What are the benefits of VR for learning?

Studies have shown the benefits of using VR for cognitive stimulation. Due to a higher immersion in the training, the retention of the educational content is increased. Safer training: eliminating the risk of employees getting hurt or damaging equipment. It is also more cost-effective, allowing you to train multiple people for the same training at once. 

VR for blended learning?

Virtual Reality (VR) is a useful tool for blended learning because it allows learners to experience immersive and interactive simulations, which supplement traditional classroom or online learning. VR can enhance engagement and retention of information, provide a more memorable learning experience, and offer access to resources and experiences that may not be available through traditional learning methods.

Mobile VR vs PC VR, What is the difference?

We consider every VR headset that does not require a PC as Mobile VR. The best examples of Mobile VR are; Oculus Quest 1 or 2, Pico Neo 3 or 4, etc… PC VR requires an external PC to run the VR software in the VR headset. With this extra computing power it allows to have more realistic graphics or physics simulations (such as smoke development).

What is XR? (Extended Reality)

XR is a term that refers to extended reality, which is an umbrella term for immersive technologies that enhance, blend, or replace reality with computer-generated content. XR includes virtual reality (VR), augmented reality (AR), and mixed reality (MR) technologies.

What is standalone VR

Standalone VR refers to virtual reality headsets that don’t require a connection to a computer or a gaming console to function. These headsets have all the necessary hardware, including the processor, the display, the sensors, and the battery, built into the device itself.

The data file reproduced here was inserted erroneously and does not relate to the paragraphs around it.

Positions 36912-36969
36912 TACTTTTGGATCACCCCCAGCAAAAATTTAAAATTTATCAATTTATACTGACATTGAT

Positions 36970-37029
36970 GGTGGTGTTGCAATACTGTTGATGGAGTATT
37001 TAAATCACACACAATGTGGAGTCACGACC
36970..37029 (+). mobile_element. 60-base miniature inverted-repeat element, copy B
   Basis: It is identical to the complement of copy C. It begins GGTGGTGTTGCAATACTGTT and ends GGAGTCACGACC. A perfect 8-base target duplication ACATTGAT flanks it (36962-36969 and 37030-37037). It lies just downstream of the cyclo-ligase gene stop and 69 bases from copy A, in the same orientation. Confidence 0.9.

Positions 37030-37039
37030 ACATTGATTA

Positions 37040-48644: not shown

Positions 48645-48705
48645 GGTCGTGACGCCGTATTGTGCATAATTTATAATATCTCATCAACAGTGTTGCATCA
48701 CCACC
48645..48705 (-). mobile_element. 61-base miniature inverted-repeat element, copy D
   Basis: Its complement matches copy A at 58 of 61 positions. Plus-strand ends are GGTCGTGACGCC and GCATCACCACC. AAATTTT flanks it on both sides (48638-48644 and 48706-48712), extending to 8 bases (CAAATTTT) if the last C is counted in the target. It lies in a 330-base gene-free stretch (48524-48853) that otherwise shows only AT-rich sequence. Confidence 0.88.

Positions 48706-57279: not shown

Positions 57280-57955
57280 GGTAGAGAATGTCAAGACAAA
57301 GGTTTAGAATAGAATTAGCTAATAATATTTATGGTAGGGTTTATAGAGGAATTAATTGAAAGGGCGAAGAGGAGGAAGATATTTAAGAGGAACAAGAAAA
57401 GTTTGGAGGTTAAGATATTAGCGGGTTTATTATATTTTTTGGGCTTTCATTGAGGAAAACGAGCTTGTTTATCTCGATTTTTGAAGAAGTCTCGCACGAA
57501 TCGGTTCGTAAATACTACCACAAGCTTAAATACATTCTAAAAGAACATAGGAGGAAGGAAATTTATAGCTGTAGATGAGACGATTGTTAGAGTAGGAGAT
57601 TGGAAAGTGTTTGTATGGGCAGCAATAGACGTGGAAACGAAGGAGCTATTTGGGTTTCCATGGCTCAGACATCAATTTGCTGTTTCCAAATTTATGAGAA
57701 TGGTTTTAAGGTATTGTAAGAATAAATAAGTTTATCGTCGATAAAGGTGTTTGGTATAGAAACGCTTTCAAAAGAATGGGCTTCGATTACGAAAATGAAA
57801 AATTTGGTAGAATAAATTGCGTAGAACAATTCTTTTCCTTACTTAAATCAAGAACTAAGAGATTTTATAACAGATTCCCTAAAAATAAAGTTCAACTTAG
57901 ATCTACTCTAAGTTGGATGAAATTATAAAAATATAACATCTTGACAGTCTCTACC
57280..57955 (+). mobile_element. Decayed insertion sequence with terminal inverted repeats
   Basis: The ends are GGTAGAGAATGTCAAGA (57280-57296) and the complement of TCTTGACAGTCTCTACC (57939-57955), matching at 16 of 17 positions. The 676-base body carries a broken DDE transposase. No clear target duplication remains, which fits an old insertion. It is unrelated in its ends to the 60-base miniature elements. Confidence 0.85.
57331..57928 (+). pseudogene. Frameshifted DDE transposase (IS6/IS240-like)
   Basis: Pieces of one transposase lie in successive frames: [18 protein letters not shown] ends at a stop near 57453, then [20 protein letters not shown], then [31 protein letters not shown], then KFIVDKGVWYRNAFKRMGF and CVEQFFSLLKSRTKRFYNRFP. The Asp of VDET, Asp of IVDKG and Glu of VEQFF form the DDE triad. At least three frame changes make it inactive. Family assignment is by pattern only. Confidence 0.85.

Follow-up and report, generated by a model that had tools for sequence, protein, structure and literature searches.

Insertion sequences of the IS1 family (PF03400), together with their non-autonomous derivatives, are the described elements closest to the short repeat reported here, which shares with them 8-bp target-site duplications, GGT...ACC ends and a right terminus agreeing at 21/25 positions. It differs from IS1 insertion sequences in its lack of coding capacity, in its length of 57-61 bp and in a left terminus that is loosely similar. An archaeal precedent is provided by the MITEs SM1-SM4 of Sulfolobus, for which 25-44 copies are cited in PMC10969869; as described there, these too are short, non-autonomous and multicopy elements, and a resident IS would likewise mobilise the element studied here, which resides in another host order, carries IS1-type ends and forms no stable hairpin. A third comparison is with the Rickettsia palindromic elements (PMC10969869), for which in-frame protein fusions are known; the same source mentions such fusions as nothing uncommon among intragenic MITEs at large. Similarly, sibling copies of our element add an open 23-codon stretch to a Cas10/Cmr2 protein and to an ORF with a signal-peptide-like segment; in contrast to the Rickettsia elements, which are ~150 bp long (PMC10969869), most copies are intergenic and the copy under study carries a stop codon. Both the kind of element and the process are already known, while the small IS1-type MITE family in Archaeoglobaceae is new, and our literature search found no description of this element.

How long should a training session be in VR?

We recommend short sessions varying from 10 to 20 minutes tops. But complete courses can go up to multiple hours, divided into shorter training sessions.

Are there disadvantages to using Virtual Reality?

Virtual Reality (VR) can cause motion sickness or simulator sickness in some people. The symptoms of motion sickness in VR can include nausea, dizziness, sweating, and fatigue. This is because the VR experience can be so immersive that it can confuse the brain’s perception of balance and movement, causing a mismatch between what the eyes see and what the body feels.

Can VR be used for recruitment?

VR can be a useful tool for recruitment as it provides a more immersive and engaging experience for potential candidates. VR can simulate real-world scenarios and environments, allowing candidates to experience what it would be like to work in a particular role or industry before applying or accepting a job offer. VR can also be used to test candidates’ skills and abilities in a simulated environment, providing a more objective and standardized assessment. For example, a company could create a VR simulation of a factory floor or a customer service scenario, and assess candidates’ performance in that environment.